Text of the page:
Ecology of the Sustainable Drainage System

DamselflyThe primary function of the Sustainable Drainage Systems (SuDs) is to improve the water quality entering the lake.

The secondary function is they will provide a valuable habitat and ecosystem for wildlife and be a fantastic addition to the Park’s diversity.

The wetland areas will be established with great reedmace, branched bur-reed, soft rush and pond weeds; along with the natural colonisation of species already present.

Smaller ponds will also be created near the reed bed and together with the reed beds will benefit a range of species from water plants,  insects, bats, birds and mammals. It will particularly attract species such as dragonfly and damselfly who will colonise the area very quickly.

Constant monitoring of the SuDs system will take place to understand the effect that it has on the water entering the park but also the species that establish in the habitat.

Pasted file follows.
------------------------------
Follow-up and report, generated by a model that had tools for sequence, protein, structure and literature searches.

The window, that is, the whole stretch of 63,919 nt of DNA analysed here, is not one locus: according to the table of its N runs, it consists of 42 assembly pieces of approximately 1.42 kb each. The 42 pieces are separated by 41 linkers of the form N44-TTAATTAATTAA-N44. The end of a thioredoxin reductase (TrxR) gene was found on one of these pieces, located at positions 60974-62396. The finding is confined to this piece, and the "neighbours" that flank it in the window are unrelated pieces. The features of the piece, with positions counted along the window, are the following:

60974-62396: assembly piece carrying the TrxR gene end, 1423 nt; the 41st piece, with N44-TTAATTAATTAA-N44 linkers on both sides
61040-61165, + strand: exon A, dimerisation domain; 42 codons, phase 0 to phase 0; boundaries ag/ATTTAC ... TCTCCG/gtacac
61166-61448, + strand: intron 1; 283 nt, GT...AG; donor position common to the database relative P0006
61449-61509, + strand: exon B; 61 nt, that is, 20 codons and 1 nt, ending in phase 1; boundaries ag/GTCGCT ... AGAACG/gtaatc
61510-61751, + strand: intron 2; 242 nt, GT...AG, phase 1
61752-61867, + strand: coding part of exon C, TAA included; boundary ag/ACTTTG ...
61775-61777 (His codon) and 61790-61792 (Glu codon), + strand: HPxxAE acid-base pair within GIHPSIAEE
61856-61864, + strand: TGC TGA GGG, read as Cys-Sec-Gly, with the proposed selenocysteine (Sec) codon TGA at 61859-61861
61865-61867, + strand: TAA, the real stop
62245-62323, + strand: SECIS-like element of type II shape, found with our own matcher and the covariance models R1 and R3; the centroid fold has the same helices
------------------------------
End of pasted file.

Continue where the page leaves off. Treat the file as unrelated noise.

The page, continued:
Ragged robin
Ragged robin

To facilitate the regeneration of the area and to conserve the existing grassland the topsoil containing the seed bank (the natural store of seeds) will be stripped, stored on site and reinstated when the construction work is completed.

Following its regeneration, this reestablishment will result in areas of grassland being rich in wildflowers and insect fauna in turn attracting birds and mammals that feed on them.

Native broadleaved trees such as oak, alder buckthorn, hawthorn and hazel will be planted throughout the margins of the site and sporadically across the grassland areas recreating the historic parkland, in keeping with Stover’s Historic Parkland status.

Bat, bird and dormice boxes will be erected around the SuDs systems and throughout the park along with habitat piles to encourage invertebrates. The wildlife and boxes will be monitored throughout its regeneration and beyond by licenced staff and volunteers to monitor species presence and abundance within the park.

Filter beds artists impression colour

An artist interpretation of the SuDs systems when fully established has been drawn showing Stover’s perceived vision of what the area will look like in approximately 10 years from now. Habitat restoration is a long process and it will be interesting to see the area re-establish itself through careful management.

Detailed ecology plans for both systems can be found below: